Churnalism.com is an independent, non-profit website built by the Media Standards Trust to help the public distinguish between original journalism and ‘churnalism’.
What is ‘churnalism’?
‘Churnalism’ is a news article that is published as journalism, but is essentially a press release without much added. In his landmark book, Flat Earth News, Nick Davies wrote how ‘churnalism’ is produced by:
“Journalists who are no longer gathering news but are reduced instead to passive processors of whatever material comes their way, churning out stories, whether real event or PR artifice, important or trivial, true or false” (p.59).
According to the Cardiff University research that informed Davies’ book, 54% of news articles have some form of PR in them. The word ‘churnalism’ has been attributed to BBC journalist Waseem Zakir.
Of course not all churnalism is bad. Some press releases are clearly in the public interest (medical breakthroughs, government announcements, school closures and so on). But even in these cases, it is better that people should know what press release the article is based on than for the source of the article to remain hidden.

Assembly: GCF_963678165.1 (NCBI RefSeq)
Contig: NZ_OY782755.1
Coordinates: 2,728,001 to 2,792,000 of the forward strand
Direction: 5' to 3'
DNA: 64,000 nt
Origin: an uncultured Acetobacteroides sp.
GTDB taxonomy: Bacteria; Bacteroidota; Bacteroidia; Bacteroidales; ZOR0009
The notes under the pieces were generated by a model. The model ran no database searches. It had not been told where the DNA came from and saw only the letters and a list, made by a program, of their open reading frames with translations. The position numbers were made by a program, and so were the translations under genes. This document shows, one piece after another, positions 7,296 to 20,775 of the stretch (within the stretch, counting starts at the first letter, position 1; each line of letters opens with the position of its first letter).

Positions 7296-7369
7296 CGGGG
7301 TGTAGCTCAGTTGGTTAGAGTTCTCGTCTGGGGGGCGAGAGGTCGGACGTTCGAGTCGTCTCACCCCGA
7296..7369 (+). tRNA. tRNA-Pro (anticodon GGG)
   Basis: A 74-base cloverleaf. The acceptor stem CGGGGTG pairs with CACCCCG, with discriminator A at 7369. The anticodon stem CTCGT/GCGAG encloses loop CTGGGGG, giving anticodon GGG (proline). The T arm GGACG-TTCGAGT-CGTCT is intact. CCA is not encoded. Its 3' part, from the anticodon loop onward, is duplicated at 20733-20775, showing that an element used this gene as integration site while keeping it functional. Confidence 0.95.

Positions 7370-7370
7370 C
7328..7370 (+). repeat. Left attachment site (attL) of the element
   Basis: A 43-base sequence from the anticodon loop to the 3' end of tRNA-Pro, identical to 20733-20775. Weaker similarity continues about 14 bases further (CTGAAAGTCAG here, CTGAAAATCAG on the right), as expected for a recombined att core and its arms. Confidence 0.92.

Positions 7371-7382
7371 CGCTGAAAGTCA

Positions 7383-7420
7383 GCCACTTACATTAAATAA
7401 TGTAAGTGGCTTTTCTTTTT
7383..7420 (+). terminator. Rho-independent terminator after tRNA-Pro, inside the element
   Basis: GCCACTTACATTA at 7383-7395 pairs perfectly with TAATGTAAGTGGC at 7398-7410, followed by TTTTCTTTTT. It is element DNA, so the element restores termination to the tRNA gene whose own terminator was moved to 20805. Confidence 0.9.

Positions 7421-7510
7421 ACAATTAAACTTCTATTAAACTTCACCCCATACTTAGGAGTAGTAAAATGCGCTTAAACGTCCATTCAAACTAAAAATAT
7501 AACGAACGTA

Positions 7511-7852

The site compresses all articles published on national newspaper websites, on BBC news, and Sky news online, into a series of numbers based on 15 character strings (using a hash function) and then stores them in a fast access database. When someone pastes in some text and clicks ‘compare’, the churn engine compresses the text entered and then searches for similar compressions (or ‘common hashes’). If the engine finds any articles where the similarity is greater than 20%, then it suggests the article may be churn.
And yes – I realise the irony in churning this out from their FAQ
Check it out……